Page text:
Experts predict that shifting political preferences toward legalization in the U.S. and globally will kick off a flurry of consolidation in the cannabis industry.

After the tremendous political strides the cannabis industry made in 2020, 2021 has a lot to live up to.

Experts and insiders agree the coming year could have a lot in store for the maturing cannabis industry, from acceleration of M&A and funding in the capital markets to continuing momentum toward legalization on the state level. TRENDS STRATEGIC M&A Experts predict that shifting political preferences toward legalization in the U.S. and globally will kick off a flurry of consolidation in the cannabis industry.

But mergers and acquisitions in 2021, following last year’s onset of COVID-19 and a pre-pandemic market rout that rocked the cannabis sector, will be much more intentional and accretive than the land grab M&A of more cash-flush years.

“We started a few years back doing acquisitions for the wrong reasons, really going into these green meadow opportunities where they had a lot of cash available, and they’re just trying to grab market share. They realized that that was the wrong approach,” ETF Managers Group cannabis research and banking expert Jason Wilson said in a December interview. “They’ve come to the realization that they have to run like any other CPG company. And they’re focusing on synergistic acquisitions, to basically get their products into expanded marketplaces.”

Eric Berlin, cannabis law expert and partner at Dentons, added that M&A will, on the whole, be more strategic, especially when it comes to targeting distressed assets — companies or brands that haven’t weathered the trials of the past few years particularly well but still have value. “Coming out of where we have been — difficult times health-wise and economically — there will be folks who are doing better than others,” Berlin said.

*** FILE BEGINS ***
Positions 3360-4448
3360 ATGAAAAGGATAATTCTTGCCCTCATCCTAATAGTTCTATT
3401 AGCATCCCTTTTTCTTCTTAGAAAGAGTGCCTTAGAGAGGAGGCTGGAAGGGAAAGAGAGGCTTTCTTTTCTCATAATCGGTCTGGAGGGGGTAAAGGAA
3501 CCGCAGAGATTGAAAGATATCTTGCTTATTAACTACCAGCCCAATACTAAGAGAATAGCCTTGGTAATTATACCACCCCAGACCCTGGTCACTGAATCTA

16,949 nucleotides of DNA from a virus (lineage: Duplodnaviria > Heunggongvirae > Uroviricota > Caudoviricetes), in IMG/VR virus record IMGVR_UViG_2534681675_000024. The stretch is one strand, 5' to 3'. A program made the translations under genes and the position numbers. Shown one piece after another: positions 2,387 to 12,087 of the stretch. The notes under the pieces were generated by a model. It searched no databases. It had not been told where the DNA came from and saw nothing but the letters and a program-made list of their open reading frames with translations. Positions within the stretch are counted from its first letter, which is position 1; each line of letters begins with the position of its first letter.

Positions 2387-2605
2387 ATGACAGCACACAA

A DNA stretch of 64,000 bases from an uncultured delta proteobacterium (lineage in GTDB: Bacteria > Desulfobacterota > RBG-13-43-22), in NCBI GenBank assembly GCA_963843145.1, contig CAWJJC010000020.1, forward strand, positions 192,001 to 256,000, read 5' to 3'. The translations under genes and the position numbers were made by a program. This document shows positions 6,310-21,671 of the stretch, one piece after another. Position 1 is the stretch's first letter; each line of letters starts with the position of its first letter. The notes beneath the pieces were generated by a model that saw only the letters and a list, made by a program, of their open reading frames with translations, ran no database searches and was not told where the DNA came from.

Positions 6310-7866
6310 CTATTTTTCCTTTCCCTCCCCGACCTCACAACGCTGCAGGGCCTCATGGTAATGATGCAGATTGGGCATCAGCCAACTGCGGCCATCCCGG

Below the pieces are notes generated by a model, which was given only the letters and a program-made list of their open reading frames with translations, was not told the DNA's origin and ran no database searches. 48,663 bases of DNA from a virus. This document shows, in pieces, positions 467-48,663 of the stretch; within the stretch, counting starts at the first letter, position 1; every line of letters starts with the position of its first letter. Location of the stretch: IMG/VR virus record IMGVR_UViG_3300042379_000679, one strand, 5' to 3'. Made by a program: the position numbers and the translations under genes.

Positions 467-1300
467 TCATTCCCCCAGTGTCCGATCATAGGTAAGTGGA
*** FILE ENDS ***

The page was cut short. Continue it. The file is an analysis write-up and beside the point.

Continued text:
“Some companies are just going to be seeing the end of day. They just can’t get the funding, they haven’t proven success, but they have good assets. So those are going to be some of the kinds of strategic acquisitions that will occur.” There’s evidence to suggest consolidation has already begun, even before the outcome of the Senate power struggle was decided in Georgia and before President-elect Joe Biden would assume the highest office in the U.S. with a pledge to decriminalize cannabis.

Canadian cannabis giants, for example, announced in mid-December a $4 billion “reverse acquisition” to create the largest cannabis company by revenue. On the heels of the transaction, market research firm Viridian Capital Advisors remarked that the transaction “signals a new phase of Canadian market rationalization,” adding that there may not be mergers of similar magnitude in U.S. cannabis, but multistate operators will likely continue to expand capacity in newly-legal states and solidify positions in ones on the precipice of legalization through strategic transactions. Viridian also forecasted an acceleration in deal making, estimating the industry had a backlog of about $2 billion dollars in undisclosed deals heading into 2021.

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